Waste is a problem we are all (the United Nations, our country, major companies, and individuals) faced with. What should we all be doing ethically to correct the waste problems we are currently faced with?
When we think about the ethics of waste and waste disposal, we have to balance two competing interests. We have to balance our ethical duty to human beings who will live on this earth after us with our ethical duty to those who are alive now. Anything that we do to correct our waste problems today must be done with both of these things in mind.
If our only ethical duty were to later generations, it would be clear that we should stop creating waste. However, we also have a duty to people who are alive today. Providing the goods and services that these people need in order to have a good life inevitably causes waste. So, what we should do, ethically speaking, is to reduce our waste as much as possible without ruining our current economy and depriving people now living of a decent standard of living.
Practically speaking, I would argue that this involves many of the things that are already being done. We should expand our recycling programs. These programs may not be hugely beneficial in economic terms, but they do allow us to reduce waste without harming our economies excessively. We should also be expanding our efforts to come up with goods that do not create as much waste. We should continue to try to put as little packaging as possible on the goods that we make. We should make goods like LED lights that will not wear out as quickly as the goods that we now use. By doing these things, we can reduce the amount of waste that we are producing but we can do so without causing too much harm to our economy.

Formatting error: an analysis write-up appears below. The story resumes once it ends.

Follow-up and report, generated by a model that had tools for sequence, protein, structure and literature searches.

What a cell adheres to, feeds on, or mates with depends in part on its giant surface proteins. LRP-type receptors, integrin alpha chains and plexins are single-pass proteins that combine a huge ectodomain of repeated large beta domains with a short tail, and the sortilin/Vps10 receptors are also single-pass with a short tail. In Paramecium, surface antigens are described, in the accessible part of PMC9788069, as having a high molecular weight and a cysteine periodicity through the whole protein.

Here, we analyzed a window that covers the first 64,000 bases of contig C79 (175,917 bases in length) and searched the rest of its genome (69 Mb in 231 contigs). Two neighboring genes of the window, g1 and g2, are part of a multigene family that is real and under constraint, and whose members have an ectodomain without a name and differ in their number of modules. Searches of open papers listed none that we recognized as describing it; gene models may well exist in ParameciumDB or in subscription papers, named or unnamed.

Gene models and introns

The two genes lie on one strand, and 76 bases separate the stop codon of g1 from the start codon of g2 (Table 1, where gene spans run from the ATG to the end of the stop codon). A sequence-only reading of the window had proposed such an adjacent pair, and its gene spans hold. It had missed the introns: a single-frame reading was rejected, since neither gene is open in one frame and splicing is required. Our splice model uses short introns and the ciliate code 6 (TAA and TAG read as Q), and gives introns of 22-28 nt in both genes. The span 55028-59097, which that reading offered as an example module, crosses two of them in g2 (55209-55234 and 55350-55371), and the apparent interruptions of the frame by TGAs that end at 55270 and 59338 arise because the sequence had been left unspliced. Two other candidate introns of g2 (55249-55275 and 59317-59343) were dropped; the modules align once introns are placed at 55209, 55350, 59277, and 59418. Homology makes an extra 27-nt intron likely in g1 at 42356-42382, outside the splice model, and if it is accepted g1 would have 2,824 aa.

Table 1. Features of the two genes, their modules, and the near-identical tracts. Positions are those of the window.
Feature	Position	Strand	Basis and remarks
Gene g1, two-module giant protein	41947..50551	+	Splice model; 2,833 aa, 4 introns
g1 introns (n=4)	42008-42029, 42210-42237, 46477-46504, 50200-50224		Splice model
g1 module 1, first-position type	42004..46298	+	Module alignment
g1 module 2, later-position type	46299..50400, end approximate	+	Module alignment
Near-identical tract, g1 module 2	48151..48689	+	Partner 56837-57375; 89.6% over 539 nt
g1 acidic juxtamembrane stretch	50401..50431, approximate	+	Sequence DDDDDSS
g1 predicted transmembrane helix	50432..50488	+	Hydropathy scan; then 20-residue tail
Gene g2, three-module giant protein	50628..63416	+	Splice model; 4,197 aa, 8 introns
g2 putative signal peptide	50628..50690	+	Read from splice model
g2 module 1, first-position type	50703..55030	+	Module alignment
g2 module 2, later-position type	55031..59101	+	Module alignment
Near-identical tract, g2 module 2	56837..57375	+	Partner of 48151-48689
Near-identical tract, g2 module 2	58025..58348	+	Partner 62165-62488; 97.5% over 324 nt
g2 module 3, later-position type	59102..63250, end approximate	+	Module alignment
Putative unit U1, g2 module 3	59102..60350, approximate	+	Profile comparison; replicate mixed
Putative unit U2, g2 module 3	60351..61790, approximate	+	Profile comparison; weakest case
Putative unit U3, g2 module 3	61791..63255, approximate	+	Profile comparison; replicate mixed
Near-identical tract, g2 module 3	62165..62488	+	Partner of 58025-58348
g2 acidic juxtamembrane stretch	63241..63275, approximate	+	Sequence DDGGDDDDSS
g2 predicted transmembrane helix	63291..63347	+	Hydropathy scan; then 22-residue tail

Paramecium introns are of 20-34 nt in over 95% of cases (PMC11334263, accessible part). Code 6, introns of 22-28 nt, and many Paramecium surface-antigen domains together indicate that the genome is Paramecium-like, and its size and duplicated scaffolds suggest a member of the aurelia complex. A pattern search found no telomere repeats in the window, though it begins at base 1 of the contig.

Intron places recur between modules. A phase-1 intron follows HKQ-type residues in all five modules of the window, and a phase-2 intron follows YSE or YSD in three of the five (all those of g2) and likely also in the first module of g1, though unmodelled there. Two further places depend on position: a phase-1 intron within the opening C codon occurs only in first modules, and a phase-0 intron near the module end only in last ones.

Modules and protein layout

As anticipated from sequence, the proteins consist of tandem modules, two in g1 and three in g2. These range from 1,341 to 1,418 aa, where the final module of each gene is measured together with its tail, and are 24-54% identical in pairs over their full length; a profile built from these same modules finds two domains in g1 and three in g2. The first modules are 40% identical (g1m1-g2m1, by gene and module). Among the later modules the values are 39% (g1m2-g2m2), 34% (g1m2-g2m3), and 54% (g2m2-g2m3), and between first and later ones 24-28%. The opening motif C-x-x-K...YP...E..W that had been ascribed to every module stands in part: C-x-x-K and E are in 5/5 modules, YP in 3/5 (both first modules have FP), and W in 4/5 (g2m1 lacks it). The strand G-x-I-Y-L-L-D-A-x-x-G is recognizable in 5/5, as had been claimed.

In short, what we should do ethically is to continue to search for as many ways as we can to reduce waste in ways that will not be harmful to our economy.